Ultimately, Procurement will need to have a clear understanding of how they bring value to the organization and how its people underpin that. This will then drive the learning objectives. Like all good key performance indicators, they should be a few SMART metrics that are critical to success. It does not matter if they are not finance-related. Many Procurement teams define their impact in other ways like customer satisfaction, or circular economy metrics. The objectives should do the following:

  • Link to organizational goals
  • Clarify department target and individual contribution
  • Have resources and pathways available so everyone knows how they are going to be able to contribute

3. Identify Skills Gaps

Self-assessment accompanied by line-manager discussion is a valuable method to understand the gap from the current state to the desired state. It is much more helpful to perform skills assessment against the future organizational model than against current role descriptions. An aspirational target sets the right tone – future state, not current state.

4. Create Learning Interventions

Learning interventions are training activities. The 70:20:10 learning model shows that 70% of learning should be on the job, 20% through informal learning and 10% through formal learning. Formal learning includes video, podcast, classroom, webinar and eLearning courses and discussions.

Procurement people often tell us that they feel their L&D offering is not suited to their needs – that training is “one size fits all”. At ADR, we find that the most common requests from procurement professionals are:

  • They want to find out how future trends and technologies are going to help them.
  • They want access to modern tools and resources, and support to become expert in them.
  • They want choice about when, how and what to learn. This means a blended program of instructor-led classroom, webinar courses plus self-directed eLearning and micro learning on a range of topics, frequently updated.
  • They want on the job and social learning efforts like peer learning, mentoring and experience sharing (the 20%) to be facilitated, recognised and rewarded in the same way as their formal training (the 10%).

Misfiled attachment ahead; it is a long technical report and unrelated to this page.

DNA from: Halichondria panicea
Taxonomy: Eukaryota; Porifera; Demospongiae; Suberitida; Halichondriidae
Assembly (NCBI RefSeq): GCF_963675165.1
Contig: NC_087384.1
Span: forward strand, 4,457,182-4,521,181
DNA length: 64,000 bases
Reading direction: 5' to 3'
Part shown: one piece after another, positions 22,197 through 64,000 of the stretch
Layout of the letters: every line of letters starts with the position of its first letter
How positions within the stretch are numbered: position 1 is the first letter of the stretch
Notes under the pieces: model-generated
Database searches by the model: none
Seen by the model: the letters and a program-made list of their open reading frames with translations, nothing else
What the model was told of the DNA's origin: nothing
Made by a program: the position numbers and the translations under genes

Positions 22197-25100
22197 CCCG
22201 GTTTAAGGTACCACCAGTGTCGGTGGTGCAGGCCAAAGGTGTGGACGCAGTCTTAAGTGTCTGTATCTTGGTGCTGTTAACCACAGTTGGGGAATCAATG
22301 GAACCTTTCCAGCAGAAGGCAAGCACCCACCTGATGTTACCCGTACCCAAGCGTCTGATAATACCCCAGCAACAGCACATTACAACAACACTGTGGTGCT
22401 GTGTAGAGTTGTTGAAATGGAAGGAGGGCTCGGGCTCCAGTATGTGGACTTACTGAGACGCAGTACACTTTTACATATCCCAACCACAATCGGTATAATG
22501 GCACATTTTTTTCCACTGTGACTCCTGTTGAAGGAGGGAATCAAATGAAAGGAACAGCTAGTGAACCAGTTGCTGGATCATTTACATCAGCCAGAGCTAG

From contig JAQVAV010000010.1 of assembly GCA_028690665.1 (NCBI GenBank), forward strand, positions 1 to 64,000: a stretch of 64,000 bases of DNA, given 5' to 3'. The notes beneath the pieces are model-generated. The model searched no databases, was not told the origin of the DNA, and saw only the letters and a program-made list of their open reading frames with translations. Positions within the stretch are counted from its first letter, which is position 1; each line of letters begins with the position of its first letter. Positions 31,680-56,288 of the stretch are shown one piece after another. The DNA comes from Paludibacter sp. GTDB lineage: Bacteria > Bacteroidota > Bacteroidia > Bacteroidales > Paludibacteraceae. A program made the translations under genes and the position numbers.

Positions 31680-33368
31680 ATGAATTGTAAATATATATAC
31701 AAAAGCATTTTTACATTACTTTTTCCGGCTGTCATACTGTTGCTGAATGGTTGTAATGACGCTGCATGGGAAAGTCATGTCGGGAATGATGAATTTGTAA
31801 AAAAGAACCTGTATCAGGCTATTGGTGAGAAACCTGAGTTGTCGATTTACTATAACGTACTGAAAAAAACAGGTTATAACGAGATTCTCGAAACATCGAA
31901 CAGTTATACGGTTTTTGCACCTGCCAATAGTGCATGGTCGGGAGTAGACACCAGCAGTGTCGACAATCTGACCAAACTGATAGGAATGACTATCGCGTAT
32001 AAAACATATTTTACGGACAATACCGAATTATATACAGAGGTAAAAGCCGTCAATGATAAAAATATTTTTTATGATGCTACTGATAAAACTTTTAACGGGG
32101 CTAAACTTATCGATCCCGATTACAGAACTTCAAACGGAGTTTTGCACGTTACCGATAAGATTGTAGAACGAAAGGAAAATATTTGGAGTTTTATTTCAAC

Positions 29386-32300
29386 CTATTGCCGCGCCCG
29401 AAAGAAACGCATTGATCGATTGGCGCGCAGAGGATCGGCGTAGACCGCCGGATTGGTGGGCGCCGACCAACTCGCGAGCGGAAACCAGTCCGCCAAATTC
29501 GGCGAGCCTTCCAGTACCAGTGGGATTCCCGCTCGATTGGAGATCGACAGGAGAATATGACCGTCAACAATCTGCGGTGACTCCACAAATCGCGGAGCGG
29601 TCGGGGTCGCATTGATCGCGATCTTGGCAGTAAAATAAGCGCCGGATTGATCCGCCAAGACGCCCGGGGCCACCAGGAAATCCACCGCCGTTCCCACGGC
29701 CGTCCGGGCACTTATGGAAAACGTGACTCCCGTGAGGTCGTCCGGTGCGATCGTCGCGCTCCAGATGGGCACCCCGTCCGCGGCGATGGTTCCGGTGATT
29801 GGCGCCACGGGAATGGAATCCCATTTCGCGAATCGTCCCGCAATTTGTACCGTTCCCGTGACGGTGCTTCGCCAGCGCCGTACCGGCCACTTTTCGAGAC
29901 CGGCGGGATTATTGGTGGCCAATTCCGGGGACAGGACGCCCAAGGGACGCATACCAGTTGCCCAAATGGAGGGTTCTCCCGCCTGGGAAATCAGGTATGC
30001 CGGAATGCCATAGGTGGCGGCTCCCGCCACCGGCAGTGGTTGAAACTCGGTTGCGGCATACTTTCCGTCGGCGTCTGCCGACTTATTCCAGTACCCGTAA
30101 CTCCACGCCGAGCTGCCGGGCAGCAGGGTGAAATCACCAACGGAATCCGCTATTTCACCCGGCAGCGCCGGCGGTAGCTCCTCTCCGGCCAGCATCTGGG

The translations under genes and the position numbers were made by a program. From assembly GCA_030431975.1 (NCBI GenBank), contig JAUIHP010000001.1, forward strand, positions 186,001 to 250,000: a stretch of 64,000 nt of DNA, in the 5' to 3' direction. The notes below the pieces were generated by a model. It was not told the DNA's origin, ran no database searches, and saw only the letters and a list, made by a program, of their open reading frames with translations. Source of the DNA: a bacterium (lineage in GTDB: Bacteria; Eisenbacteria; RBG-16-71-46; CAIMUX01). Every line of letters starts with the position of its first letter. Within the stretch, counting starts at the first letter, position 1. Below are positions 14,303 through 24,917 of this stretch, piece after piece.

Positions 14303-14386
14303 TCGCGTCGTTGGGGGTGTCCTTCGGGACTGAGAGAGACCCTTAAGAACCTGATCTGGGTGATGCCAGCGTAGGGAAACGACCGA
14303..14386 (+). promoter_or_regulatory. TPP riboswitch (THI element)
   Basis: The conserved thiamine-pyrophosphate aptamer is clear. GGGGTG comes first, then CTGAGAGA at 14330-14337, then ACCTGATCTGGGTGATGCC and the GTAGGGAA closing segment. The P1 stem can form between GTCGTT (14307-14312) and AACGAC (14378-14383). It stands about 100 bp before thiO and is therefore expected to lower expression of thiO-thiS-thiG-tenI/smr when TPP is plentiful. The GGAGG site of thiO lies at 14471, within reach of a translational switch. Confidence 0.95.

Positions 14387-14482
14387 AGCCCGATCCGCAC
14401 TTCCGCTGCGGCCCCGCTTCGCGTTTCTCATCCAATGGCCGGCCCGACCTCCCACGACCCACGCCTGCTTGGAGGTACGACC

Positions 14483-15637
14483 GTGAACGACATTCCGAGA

5. Measure Learning effectiveness

L&D efforts must be measured against the stated learning objectives rather than a generic goal such as “save more money”. If incremental cost improvement from application of new techniques is expected, then the individual must be responsible for tracking and demonstrating the technique and its direct impact.

This requires a tool that records outputs AND outcomes not just inputs. This can be a challenge of the traditional learning management system.

When approached with a 70:20:10 mindset, procurement learning and development is not an “edge of desk” activity, it is the day job. It represents a cultural belief that doing things in the same way will not get better results. Continuous learning application is the most reliable route to improvement.

Sustainable procurement looks at how sourcing and supplier management activity supports sustainable development, where economic and social growth is encouraged in ways that does not negatively impact life. Environmental, social, economic and health topics all fall under this banner.

ISO 20040, the quality standard for Sustainable Procurement was introduced in 2017. This gave organizations a framework for understanding and monitoring the impact of their procurement activities on individuals, communities and the environment.

Some organizations focus on the Dow sustainability indexes, which provides a global measurement of corporate sustainability performance across multiple sectors.

Many organizations seek the coveted Industry Leaders title. These organizations are the top performing companies in each of the 60 industries represented in RobecoSAM’s Corporate Sustainability Assessment (CSA) and the Dow Jones Sustainability Indices.